Given reports of a need for shooting at the four spot, don’t be surprised if the Knicks move Julius Randle and replace him in free agency.
The New York Knicks need three-point shooting like…well, what’s the opposite of a hole in the head?
The Knicks had some of the worst spacing in the NBA last season, which didn’t bode well for rookie R.J. Barrett, who was passed up for virtually every major rookie accolade known to man. It was also a problem for burgeoning big man Mitchell Robinson, who didn’t have the requisite lanes to thrive as one of the league’s best up-and-coming vertical spacers. In short, both of the Knicks’ most promising players could use some complementary shooting—particularly from the four spot.
Despite hailing from two separate Knicks regimes, ex-head coach David Fizdale and new team president Leon Rose both stated, in separate appearances, that the Knicks’ biggest need going into next season is a four-man who can stretch the floor. This, of course, is pretty ironic, considering the much-maligned Kristaps Porzingis trade just a couple of seasons ago, but this is the New York Knickerbockers we’re talking about here.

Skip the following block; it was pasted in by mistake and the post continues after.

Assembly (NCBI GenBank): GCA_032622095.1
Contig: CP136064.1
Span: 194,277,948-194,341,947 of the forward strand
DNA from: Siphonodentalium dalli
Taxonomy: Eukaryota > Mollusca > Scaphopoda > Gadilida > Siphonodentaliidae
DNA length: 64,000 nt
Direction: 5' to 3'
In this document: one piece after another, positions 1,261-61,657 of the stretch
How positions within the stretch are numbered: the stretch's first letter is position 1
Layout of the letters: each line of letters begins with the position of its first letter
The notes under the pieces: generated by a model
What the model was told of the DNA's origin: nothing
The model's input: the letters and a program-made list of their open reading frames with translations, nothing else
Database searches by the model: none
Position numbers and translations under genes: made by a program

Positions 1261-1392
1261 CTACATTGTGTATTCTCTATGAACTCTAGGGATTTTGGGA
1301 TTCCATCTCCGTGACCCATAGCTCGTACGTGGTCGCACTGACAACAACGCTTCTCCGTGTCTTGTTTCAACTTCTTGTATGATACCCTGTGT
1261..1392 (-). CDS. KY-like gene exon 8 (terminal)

The human whirling dervish otherwise known as Julius Randle certainly wasn’t the answer last year, and it looks like Rose and co. could look to move on a year early from the ill-fitting power forward. They could feasibly do it through the draft, but this draft class, while considered deep, isn’t particularly a strong one. While hindsight might prove to be 20/20, there is also a myriad of options the Knicks can look at in free agency. Considering New York is in the midst of a rebuild and also unlikely willing to eat up their precious cap space a year ahead of a highly anticipated free agency, things might be a little tricky.